Traditional Villanovan pottery had forms characteristic of the Italic Iron Age-fired, brown/black, with incised decoration. During the 8th century BCE they also began to copy the shapes, light-coloured fabric, and designs painted in red/brown, of Greek Geometric imports. By 700 BCE, local potters were imitating yellow/buff Corinthian ware, decorating it in dark paint, sometimes depicting monsters, animals, or men from the Orientalizing repertoire.
Another equally extremist point of view
maintains, just as confidently, the complete independence of the art of
ancient Tuscany. Both attitudes go too far, and so in many ways are quite
mistaken. If we are to get at the truth we must take a less extreme and
dogmatic view. It is quite true that Etruscan art was continually and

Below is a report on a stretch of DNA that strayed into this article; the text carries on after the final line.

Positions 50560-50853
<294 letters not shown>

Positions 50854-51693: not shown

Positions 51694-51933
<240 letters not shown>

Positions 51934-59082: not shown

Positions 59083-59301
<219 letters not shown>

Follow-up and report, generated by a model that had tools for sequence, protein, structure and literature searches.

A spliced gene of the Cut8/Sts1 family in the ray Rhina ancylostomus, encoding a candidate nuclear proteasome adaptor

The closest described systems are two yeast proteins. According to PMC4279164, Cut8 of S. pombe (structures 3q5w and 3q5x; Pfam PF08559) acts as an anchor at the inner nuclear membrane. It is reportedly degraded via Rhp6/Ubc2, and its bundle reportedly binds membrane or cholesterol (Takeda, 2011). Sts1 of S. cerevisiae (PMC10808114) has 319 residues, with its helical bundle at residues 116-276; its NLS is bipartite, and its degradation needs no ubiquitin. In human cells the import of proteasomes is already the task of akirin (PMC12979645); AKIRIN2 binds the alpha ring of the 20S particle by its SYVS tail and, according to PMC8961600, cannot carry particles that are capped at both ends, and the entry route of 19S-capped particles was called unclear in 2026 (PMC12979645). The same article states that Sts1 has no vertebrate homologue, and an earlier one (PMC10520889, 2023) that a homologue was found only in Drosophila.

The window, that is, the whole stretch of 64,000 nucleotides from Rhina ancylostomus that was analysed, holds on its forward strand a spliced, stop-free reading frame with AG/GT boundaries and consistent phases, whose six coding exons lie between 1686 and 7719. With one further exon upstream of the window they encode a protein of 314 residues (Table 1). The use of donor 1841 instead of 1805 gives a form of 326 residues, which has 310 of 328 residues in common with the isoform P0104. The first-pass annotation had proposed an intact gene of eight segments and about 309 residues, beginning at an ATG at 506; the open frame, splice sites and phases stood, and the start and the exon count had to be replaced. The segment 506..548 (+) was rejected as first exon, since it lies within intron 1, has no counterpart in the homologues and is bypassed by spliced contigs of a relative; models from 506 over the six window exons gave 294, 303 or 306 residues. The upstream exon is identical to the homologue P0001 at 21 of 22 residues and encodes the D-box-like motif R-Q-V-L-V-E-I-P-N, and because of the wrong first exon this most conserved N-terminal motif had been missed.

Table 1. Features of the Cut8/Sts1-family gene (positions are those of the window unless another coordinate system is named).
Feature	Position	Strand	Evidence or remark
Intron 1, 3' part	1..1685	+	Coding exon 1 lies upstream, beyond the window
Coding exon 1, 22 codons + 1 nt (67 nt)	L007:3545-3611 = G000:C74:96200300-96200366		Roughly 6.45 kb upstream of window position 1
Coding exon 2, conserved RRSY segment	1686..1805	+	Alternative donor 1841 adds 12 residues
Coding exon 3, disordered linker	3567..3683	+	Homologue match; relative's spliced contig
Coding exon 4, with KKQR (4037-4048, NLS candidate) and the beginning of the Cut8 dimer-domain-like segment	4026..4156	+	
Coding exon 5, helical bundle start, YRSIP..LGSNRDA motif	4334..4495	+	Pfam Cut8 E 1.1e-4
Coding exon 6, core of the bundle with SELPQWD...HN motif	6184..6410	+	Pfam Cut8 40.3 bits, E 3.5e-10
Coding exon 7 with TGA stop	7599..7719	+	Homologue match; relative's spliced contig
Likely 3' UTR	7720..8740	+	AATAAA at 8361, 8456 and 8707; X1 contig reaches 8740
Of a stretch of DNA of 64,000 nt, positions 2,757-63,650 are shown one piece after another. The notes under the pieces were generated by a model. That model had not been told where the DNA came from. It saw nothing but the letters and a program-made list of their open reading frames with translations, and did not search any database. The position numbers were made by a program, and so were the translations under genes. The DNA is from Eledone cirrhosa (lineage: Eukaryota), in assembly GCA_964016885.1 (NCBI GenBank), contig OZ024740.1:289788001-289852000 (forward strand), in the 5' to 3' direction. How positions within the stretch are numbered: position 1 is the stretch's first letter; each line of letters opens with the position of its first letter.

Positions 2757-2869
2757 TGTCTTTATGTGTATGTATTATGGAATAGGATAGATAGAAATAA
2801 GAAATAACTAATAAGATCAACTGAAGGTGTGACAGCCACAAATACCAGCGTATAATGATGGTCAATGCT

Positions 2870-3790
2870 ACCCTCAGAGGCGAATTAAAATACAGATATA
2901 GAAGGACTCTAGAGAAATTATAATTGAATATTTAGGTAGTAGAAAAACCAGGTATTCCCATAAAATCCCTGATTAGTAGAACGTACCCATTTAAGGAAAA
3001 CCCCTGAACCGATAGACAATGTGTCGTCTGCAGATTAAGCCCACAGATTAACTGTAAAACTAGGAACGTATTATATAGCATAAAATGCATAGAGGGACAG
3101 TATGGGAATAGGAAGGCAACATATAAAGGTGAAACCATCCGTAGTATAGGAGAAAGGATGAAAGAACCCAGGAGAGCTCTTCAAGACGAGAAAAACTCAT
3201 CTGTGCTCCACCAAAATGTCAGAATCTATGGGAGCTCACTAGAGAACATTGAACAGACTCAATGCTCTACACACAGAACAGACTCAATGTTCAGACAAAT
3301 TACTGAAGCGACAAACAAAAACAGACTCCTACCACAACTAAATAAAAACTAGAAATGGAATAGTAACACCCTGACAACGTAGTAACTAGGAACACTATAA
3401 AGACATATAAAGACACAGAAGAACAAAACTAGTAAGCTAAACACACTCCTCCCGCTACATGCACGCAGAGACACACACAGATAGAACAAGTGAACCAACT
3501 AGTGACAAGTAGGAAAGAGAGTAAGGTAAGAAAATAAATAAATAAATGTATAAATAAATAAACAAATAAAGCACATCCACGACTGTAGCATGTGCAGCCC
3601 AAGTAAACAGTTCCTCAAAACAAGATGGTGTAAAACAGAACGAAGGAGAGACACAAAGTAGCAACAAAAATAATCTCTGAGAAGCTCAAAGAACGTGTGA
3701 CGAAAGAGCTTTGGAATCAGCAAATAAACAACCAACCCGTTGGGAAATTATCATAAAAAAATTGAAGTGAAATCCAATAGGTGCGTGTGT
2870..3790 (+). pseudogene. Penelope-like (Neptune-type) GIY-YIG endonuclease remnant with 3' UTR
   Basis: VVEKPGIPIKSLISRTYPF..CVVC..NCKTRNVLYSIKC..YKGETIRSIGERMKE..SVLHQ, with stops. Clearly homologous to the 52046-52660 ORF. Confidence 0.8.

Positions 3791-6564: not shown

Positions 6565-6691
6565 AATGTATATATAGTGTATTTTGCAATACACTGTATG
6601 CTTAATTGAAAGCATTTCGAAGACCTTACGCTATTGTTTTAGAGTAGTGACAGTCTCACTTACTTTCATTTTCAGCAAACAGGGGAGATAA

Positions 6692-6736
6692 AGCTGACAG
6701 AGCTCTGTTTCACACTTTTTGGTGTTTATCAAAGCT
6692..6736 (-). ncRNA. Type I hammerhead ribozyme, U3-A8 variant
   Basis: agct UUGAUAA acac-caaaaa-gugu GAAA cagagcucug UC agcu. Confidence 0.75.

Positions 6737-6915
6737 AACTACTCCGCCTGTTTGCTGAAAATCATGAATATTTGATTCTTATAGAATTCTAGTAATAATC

beneficially influenced by artists from Greece and Magna Graecia. Unless
the profound effect of the Greek workshops is taken into account, Etruscan
art cannot begin to be understood. But the work of the Etruscans was not
merely a slavish imitation without a genuine identity of its own. It was
the outcome of the abilities, taste and spirit which were the individual
characteristics of this people who, from the 7th century down to the beginning
of the Christian era, were able to develop an original civilisation in